“We Didn’t Know If He Would Ever Walk Again” — Canada, USA, and Meningitis
How much do you know about this deadly disease? UPDATED with breaking news.
“It’s a terrible, terrible illness.”
-Catherine Conners, mother, blogger and aunt to a meningitis survivor
UPDATE: A young teen in British Columbia, Canada, recently contracted and died from bacterial meningitis. Read more at the end of this article. He was vaccinated against one strain of it, but not the strain that killed him. You can read about his story here.
Meningitis is something that’s hard to think about, hard to write about, but, most of all, shatteringly hard to face in real life. Recently, we profiled Frankie Milley, a mother who lost her only child to the terrible disease and who has since made it her life’s mission to educate fellow parents about the dangers of meningitis, and to prevent other children from suffering the same devastating fate as her lost boy.
This summer, in her capacity as the founder of Meningitis Angels, a meningitis advocacy and support group, Milley has been attending stakeholders meetings around the country. Organized by the Centers for Disease Control (CDC), the issue being debated is whether or not to add an infant meningitis vaccination to the required roster of childhood immunizations in the United States.
Our neighbors to the north will undergo a similar debate as Canadian officials explore the benefits of adding a new preventative vaccine, currently under review by Health Canada, to their own childhood immunization schedule.
“If there’s a way to prevent meningitis, then it should be prevented,” says Catherine Conners, a popular Canadian blogger and mother of two young children. Conners shared with me her own up-close and terrifying brush with the disease. Her nephew Zachary is one of the lucky ones who survived his bout with meningitis shortly before his 18th birthday, but she knows all too well that his happy ending a couple of years ago could so easily have been yet another tragedy.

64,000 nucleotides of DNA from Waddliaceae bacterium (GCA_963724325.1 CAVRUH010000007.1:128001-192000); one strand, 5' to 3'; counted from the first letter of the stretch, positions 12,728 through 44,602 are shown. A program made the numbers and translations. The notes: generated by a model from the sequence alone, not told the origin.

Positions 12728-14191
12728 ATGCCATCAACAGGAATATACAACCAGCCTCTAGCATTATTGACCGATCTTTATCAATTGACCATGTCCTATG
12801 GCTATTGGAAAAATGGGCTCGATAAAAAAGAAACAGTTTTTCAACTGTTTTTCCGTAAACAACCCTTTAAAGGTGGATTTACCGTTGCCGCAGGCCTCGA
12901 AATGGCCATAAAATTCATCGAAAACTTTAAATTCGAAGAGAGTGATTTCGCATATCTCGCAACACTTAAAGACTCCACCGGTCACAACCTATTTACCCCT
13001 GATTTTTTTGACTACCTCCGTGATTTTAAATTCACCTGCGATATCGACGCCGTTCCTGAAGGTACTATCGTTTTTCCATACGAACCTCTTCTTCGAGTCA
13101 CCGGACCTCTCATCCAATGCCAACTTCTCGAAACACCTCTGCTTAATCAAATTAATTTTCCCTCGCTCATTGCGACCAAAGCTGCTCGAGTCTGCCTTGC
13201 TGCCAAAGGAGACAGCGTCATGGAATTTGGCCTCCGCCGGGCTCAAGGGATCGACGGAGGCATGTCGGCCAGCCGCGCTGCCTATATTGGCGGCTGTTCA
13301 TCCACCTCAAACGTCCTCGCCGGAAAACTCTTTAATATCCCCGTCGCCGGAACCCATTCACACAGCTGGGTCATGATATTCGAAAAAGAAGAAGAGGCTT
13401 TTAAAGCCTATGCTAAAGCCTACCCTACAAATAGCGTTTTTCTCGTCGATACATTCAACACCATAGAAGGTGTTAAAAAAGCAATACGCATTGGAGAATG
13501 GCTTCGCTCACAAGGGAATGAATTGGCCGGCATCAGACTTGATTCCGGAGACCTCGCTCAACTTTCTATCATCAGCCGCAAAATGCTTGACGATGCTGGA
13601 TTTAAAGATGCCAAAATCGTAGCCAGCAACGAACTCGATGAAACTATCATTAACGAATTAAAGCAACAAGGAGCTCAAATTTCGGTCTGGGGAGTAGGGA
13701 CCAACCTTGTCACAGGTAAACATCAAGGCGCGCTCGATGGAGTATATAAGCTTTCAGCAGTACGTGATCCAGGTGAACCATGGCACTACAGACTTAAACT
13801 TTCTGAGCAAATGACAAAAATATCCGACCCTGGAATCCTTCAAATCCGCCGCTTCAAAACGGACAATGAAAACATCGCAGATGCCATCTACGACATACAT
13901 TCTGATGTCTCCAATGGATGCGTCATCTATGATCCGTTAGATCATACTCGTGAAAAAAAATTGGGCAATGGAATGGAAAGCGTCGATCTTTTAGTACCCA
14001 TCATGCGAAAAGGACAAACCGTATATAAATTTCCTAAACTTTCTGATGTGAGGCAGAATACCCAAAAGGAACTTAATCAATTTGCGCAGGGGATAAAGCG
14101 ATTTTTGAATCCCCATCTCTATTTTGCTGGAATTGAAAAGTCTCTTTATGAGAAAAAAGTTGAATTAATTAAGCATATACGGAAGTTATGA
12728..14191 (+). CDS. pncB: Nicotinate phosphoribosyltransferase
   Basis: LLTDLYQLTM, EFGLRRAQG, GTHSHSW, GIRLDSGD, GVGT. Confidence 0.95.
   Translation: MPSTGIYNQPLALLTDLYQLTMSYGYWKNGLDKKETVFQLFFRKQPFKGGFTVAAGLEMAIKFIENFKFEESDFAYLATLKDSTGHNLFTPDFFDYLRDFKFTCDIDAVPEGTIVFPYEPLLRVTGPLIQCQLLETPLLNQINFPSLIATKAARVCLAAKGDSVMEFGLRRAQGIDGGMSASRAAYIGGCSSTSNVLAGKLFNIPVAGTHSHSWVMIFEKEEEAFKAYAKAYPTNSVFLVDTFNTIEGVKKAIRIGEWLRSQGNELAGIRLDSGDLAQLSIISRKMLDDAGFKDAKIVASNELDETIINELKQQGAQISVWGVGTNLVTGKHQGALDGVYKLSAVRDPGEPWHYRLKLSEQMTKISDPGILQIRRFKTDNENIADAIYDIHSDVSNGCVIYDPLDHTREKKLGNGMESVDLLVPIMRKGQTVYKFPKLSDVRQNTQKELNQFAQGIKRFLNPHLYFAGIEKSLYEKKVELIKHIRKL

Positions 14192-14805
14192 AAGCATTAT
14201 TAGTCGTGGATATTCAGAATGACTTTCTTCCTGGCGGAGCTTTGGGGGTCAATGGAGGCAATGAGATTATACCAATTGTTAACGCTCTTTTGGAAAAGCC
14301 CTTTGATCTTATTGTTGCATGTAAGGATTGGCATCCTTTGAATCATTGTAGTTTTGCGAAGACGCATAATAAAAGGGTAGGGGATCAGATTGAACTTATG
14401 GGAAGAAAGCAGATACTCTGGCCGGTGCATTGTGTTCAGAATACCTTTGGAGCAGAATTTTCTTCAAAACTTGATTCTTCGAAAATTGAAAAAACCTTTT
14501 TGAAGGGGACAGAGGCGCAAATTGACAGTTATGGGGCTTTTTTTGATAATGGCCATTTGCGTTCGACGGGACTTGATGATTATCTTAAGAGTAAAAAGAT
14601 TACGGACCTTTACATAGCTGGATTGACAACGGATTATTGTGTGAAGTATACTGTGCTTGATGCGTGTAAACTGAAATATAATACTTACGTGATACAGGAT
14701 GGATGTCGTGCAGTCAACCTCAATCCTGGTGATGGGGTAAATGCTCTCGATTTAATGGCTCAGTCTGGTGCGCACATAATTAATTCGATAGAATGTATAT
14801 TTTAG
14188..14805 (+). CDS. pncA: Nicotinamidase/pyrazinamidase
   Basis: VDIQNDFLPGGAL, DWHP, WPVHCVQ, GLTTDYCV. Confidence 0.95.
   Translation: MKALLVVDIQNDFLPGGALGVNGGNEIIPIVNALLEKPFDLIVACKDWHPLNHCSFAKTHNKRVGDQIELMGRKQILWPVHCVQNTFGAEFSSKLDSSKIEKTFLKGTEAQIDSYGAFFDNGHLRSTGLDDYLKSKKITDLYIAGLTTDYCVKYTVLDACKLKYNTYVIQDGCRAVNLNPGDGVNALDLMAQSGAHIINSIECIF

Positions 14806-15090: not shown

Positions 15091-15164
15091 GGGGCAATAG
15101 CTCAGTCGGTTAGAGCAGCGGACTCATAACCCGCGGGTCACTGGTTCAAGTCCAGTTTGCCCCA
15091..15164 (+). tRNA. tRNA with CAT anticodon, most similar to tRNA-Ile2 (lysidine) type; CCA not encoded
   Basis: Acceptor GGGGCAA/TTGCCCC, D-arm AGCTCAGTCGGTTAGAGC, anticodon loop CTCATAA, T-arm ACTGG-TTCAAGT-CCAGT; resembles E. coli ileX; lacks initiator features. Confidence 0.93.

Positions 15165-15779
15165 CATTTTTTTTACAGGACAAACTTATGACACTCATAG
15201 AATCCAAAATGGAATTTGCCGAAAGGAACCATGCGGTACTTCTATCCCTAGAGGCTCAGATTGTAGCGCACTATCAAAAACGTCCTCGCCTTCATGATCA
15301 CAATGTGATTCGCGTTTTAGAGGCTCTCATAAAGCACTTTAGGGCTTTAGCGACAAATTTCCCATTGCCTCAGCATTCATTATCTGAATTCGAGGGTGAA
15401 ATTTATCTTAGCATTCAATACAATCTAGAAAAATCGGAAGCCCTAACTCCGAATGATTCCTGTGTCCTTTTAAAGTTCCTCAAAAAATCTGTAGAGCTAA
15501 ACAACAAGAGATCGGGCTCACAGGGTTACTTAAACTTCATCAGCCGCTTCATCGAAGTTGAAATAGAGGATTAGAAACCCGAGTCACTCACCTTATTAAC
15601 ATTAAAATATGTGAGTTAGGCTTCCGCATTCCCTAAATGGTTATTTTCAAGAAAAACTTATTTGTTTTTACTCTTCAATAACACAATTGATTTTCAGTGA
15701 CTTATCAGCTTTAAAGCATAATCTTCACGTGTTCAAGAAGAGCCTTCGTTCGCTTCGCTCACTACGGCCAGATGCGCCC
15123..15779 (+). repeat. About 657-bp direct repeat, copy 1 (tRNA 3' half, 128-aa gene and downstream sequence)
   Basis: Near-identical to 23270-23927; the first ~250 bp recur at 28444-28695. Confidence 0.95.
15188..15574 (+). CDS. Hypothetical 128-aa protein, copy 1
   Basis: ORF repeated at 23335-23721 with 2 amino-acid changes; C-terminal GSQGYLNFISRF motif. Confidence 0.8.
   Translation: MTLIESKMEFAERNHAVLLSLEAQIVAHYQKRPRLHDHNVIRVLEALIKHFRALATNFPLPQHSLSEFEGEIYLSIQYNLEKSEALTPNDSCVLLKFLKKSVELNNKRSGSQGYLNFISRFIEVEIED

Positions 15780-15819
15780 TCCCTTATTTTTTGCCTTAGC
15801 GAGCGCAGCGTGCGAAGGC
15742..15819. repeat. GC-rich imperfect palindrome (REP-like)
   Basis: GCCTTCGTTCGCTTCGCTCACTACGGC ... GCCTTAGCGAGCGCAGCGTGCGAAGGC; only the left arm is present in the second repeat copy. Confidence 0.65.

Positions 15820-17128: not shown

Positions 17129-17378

“It was terrifying,” she says. “It struck very, very fast. We nearly lost him.”
Indeed, statistics were not in Zachary’s favor when he came down with what at first seemed to be merely the flu. “He just started feeling sick one day,” says Conners, and at first Zachary’s mom (Conners’ sister) didn’t think her son even needed to see a doctor. But, Conners says, “Zachary was really insistent with my sister that he needed to see a doctor.”
He was right.
In hindsight, Conners says, one of the most terrifying things for her sister was that meningitis “wasn’t something that was on her radar.”
Conners explains, “It was really only because he was so insistent that she took him to see someone. She might not have done anything — her inclination was ‘oh he’s an 18-year-old boy with the flu. If it’s not something you’re thinking about, you’re not necessarily going to treat those symptoms so seriously.”
Luckily Zachary was old enough — and knew himself well enough — to feel something was seriously wrong. Luckily his mother knew to listen to him. And even more luckily, doctors realized what was the matter fast enough to get him the help he needed. Zachary’s town in British Columbia didn’t have the resources needed to treat him, so he had to be medivaced to a facility equipped to save his life.
“Thankfully he reached help in time,” says Conners, “but it was touch and go for a long time… If he hadn’t gotten to the hospital when he did, if he hadn’t been medivaced to Vancouver he wouldn’t have made it, for sure.”
That’s a lot of luck. “It was a miracle,” say Conners. “It’s frightening to contemplate all the ways it could have gone wrong.”